Imagine the city came to a local business street or node and proposed something like a bike lane, wider sidewalks, or any other design change that might cause vehicle traffic passing by to choose another route instead. Maybe the city wants to put in parking meters. The expected drop in traffic would be something like 10-20% over the next decade. What would the business community’s reaction be?
What if I told you daily traffic counts along major commercial streets in Minneapolis have been dropping for the past 10-15 years? The map above shows points along a selection of streets across Minneapolis, with nearly all of them losing motor vehicles passing by each day. Here’s an example chart showing points along Hennepin Ave from Franklin to Uptown:
The average drop in daily traffic counts across all points measured was just shy of 20%. East Lake Street is the only one of the bunch that saw traffic counts generally hold or grow over the time period. And, like nationwide VMT trends, the peaks typically occurred before the economic downturn in 2007:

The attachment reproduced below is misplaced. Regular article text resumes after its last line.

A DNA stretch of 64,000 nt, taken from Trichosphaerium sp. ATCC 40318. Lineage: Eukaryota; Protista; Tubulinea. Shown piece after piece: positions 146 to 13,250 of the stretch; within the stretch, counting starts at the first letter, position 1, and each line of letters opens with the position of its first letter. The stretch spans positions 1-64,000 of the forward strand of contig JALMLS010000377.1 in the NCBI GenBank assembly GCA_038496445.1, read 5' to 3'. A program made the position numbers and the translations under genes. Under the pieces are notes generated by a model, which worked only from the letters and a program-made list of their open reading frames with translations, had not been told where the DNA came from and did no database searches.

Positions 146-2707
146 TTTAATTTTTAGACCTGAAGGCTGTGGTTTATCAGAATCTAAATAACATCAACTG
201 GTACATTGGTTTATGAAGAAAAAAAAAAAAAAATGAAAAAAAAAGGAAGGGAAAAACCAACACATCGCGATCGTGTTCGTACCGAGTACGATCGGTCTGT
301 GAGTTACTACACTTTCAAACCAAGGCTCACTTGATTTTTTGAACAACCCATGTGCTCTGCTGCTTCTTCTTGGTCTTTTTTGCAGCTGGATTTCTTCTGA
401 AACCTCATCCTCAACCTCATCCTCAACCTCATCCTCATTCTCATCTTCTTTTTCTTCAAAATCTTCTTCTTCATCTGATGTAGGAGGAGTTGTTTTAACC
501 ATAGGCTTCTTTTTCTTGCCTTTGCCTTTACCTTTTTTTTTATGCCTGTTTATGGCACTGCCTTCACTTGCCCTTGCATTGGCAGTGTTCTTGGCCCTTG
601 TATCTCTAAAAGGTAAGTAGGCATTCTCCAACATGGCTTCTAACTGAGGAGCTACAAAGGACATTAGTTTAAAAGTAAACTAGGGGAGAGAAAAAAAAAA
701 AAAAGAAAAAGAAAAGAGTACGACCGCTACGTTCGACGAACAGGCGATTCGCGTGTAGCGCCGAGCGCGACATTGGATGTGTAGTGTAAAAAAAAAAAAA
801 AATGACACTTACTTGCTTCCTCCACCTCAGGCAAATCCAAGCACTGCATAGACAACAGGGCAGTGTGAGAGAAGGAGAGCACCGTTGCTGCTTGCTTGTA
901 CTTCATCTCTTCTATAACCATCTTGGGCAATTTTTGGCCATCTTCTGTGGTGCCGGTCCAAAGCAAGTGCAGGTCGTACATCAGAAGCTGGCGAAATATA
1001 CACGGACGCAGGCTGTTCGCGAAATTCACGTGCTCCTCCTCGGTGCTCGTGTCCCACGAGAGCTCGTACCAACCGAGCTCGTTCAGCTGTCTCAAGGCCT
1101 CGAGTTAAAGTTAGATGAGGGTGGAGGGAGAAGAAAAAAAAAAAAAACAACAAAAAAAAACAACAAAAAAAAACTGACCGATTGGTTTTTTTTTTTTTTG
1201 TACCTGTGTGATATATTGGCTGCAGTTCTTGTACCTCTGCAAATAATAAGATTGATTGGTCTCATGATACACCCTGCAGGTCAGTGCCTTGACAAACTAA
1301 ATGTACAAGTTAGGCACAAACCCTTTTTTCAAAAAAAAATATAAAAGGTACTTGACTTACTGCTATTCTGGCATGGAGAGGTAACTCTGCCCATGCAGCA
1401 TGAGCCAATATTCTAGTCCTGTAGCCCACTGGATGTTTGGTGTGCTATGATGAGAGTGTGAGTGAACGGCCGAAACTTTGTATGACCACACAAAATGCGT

Most areas of the city are seeing residential and commercial renaissances, with the greater Uptown area adding thousands of residents since traffic peaked along Hennepin, Lake, and Lyndale between 2003 and 2005. But for a few micro-economies along these corridors, it’d be hard to argue businesses have struggled as a result of falling vehicle traffic. I doubt most business owners are even aware of this trend. My takeaway: we should be at least a little skeptical when businesses predict doom and gloom due to public realm changes.
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